But my point was that the AG probably didm’t need to use an FOIA to gain access to those emails. It’s likely if he had gone through the usual route, they would have likely remained confidential, as long as no law had been violated. That suggests to me his goal was to force their public release, rather than to perform a “witch hunt” per se, so my take is this is being done in an attempt to embarrass or discredit Mann, not to search for possible wrong doing.

    UVa seems to understand what is stake which is why they are (probably at the edge of being illegal) resisting his efforts to get the emails publicly released.

    As I said above, I know for a fact in my state, there isn’t any barrier in sharing emails written by me between my University and my state, in fact quite the opposite, the University officials would likely be in violation of the law (impeding a lawful investigation) to attempt to thwart a lawful request for a copy of my emails.

  66. Mark T said

    UVa may be in violation as well.
    Mark

  67. Paul in Sweden said

    When a man sees signs that the hen house has been raided, I really can’t begrudge him for going on a fox hunt the very next morning. I would think him foolish to wait for a year to go searching for the treacherous raiders.

    When in the middle of the night(for me in Sweden)in November of 2009 some specter pounds on the door of millions of people simultaneously all over the world & leaves a package in the form of a zip file which clearly states there is trickery and deceit in our midst how is it possible that we have waited this long to run for our pitch forks & torches to engage in a proper witch-hunt?

  68. Brian H said

    #63, Kim;
    Nope, still doesn’t make sense. As anyone who says it will acknowledge when “couldn’t care less” is suggested. Try it.

  69. Brian H said

    Carrick;
    You misconstrue the entire affair. The AG did make a routine request, as entitled under the law. It was refused. That’s the core issue, not FOIA at all.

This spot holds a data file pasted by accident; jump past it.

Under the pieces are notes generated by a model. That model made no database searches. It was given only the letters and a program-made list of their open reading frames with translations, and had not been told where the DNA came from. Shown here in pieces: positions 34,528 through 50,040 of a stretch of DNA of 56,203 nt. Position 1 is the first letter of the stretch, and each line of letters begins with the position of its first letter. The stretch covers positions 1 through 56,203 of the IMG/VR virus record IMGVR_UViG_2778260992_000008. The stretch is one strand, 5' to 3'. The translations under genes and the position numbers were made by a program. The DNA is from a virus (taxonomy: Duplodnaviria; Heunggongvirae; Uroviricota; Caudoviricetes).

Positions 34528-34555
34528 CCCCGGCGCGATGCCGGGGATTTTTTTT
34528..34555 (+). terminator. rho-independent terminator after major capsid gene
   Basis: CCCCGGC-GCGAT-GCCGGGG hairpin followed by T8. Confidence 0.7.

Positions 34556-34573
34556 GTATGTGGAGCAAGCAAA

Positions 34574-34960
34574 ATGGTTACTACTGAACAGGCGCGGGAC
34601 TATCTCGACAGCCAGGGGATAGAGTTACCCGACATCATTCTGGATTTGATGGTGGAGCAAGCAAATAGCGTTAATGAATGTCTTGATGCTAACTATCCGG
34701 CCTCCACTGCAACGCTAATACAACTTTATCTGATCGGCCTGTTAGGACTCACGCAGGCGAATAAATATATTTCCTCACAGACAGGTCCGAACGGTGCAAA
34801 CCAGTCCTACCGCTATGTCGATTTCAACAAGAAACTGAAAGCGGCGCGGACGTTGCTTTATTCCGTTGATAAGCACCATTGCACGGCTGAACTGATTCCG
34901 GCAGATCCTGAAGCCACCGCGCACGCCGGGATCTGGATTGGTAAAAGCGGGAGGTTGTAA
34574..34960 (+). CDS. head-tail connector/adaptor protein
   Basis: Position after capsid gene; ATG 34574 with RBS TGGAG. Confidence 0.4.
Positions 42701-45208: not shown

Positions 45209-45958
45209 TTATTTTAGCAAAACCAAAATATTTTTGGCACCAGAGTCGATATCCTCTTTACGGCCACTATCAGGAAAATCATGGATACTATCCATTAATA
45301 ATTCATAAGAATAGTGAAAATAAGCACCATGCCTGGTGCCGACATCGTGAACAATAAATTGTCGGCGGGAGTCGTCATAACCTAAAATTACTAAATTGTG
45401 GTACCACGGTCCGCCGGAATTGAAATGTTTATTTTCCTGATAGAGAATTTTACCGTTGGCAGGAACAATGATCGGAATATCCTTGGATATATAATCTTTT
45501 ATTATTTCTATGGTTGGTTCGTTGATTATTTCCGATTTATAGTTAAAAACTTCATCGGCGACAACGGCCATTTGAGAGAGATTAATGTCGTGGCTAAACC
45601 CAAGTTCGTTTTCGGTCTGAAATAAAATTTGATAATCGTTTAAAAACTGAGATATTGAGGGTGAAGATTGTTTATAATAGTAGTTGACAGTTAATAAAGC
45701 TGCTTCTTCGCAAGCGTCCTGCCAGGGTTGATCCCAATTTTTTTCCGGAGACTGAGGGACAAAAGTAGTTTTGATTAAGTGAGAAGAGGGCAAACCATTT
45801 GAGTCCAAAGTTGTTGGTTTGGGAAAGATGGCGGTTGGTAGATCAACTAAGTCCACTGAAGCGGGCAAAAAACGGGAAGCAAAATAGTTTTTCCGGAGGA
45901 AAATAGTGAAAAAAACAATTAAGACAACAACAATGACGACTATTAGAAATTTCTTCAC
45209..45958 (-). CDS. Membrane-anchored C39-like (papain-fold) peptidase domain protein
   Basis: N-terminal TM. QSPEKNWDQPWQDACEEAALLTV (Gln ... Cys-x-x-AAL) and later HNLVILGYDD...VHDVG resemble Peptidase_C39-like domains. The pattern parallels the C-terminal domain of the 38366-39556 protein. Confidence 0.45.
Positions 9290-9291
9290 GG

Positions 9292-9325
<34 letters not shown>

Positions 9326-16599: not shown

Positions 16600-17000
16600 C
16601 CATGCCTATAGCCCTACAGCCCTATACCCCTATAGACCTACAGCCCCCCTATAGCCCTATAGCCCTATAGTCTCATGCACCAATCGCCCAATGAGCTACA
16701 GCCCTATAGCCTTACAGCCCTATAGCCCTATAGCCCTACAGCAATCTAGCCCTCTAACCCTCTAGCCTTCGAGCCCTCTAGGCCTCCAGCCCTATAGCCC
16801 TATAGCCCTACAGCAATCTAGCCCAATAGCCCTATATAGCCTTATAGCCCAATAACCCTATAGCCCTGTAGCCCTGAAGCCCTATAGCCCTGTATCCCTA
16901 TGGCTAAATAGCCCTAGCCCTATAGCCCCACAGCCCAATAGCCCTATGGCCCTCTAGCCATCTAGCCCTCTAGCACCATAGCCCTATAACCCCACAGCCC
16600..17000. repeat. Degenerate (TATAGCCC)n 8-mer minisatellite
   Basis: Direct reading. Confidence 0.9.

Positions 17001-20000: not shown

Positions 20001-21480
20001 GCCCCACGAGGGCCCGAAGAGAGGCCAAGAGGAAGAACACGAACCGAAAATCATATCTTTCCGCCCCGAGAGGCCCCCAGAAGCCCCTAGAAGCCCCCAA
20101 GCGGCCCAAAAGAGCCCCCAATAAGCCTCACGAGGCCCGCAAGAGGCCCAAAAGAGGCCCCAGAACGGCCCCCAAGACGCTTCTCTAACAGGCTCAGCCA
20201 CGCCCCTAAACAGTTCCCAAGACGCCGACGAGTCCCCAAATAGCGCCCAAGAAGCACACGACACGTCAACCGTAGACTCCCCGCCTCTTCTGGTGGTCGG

And the subject matter is not the science, but the misrepresentation of funding requests and misuse of state funds. It’s closer to a theft investigation than a scientific questioning.

  70. Carrick said

    Brain, it is likely (extremely) that I don’t understand the full details. I was trying to parse this sentence:

    The emails and documents requested by the original and the new CIDs are all property belonging to the Commonwealth of Virginia . The CID seeks none of Professor Mann’s private emails or documents. During the CID process and the court hearing, UVa admitted that it did have at least some of Mann’s emails and other documents, even though under the previous FOIA requests, the university said that it did not.

    It appears that VA is consistent with that in my own state:

    In his ruling on the CIDs, the circuit court judge hearing the case agreed with the attorney general’s argument – and UVa conceded in court – that there is no “academic freedom” bar that prevents the attorney general from looking into Dr. Mann’s work documents at UVa. The judge also stated that, “…the University of Virginia is a proper subject for a CID, and the Attorney General may investigate grants made with Commonwealth of Virginia funds to professors such as Dr. Mann.”

    As long as the documents remain confidential, I see no issues that conflict with professorial academic freedom. I took the FOIA as that being the route used by the AG. Sorry if my lack of familiarity with the case made me jump the gun on this.